Will had an appointment today and it was not good.
Medically, he is relatively stable given his genetic condition which is a HUGE blessing. He is much healthier than Kate was at his age and his counts are holding on their own which is nothing short of a miracle.
However, we are facing some extremely hard news related to finding a donor.
I blogged about Will's original donor backing out and since then we have had one lead on a potential International donor. Unfortunately that donor has not responded to any form of communication. We will continue to pursue the donor (via the NMDP) but, as each day passes, he is looking less and less like a viable candidate.
Will's doctors have removed him from the transplant schedule which means we currently have no admit date, no chemo start date, and no transplant date. Nothing can be started until we have a donor.
The doctors and coordinators are circling back with the registry to see if there are any other possibilities but, given the fact that the registry is checked daily, the chance of someone popping up is very slim.
So where does that leave us?
We have four options - all of which require waiting - which is something I am NOT good at.
1) We wait to hear from the International donor, he agrees to donate, and we move forward with the transplant process (best case scenario).
2) We wait for Will's body to fail him. When then happens, we would immediately proceed forward with option 4 and pray we can make it to transplant in time.
3) We wait for someone that matches Will to join the registry before Will's body fails him.
4) We wait until Will is closer to two and move forward with a risky type of bone marrow transplant called a haplo transplant. A haplo transplant is when a non-matching parent (it would be Alex as I cannot donate due to a blood condition I have) donates marrow to their child. A parent is used since they make up 50% of the recipients genetic makeup. This option is not nearly as successful (success rates are cut by at least 50%) and involves total body irradiation (TBI) as well as intensive chemotherapy during the condition phase of transplant. Immunosuppression and post transplant medication/ treatment is also much different/ harder as the risk of graft verses host disease is very high since the donor is not a match. TBI is not recommended for children under the age of two which is why we will wait as long as possible before exposing Will to radiation.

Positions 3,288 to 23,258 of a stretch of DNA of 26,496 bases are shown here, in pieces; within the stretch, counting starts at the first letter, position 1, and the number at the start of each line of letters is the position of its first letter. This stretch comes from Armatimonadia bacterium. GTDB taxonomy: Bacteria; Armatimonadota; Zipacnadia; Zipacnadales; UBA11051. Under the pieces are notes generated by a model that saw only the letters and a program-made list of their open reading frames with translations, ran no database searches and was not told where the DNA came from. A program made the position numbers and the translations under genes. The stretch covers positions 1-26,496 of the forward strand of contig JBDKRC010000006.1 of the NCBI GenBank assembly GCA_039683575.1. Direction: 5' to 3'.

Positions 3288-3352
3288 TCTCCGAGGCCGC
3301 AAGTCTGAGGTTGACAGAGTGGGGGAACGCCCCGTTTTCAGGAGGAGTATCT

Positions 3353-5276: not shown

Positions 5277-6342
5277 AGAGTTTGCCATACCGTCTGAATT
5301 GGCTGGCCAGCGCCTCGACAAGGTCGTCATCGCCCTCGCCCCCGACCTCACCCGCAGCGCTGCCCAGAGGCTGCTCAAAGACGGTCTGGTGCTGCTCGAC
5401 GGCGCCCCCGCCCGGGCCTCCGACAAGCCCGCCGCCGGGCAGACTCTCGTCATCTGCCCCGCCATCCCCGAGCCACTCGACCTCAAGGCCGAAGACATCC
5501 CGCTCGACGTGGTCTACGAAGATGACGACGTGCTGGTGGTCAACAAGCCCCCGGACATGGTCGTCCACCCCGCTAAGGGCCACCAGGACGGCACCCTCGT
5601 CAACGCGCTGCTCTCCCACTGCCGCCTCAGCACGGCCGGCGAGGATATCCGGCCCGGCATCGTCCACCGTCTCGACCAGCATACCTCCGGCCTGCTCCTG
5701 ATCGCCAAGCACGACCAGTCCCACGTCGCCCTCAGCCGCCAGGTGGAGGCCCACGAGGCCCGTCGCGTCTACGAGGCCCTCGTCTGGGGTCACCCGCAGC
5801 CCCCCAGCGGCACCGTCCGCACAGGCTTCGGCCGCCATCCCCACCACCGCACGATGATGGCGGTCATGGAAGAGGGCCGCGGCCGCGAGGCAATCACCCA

This has been a hard blow to take. We had everything perfectly planned. We had a donor. We had care lined up for Kate. I was terrified but at peace regarding Will's transplant.
I knew there would be challenges with Will's transplant. But I never in a million years thought finding a donor would be one of those challenges. I never, ever thought I would hear things like "experimental, risky transplant" or be searching for haplo centers of excellence while seriously considering transplant somewhere other than here in Houston.
My mind is filled with morbid thoughts about how we approach this next year of waiting. Do we drop everything and live life to the absolute fullest? Take Will back to Disney World? Let him experience the beautiful beaches of Hawaii? Cram every possible family experience into one year since we may only have a 30-40% chance of Will making it to his third birthday?
Or do we just live our normal, every day life? Enjoy the mundane?
I hate that I even have to think about things like this.
I hate that this is the hand Will has been dealt.
I hate that the blows just keep on coming.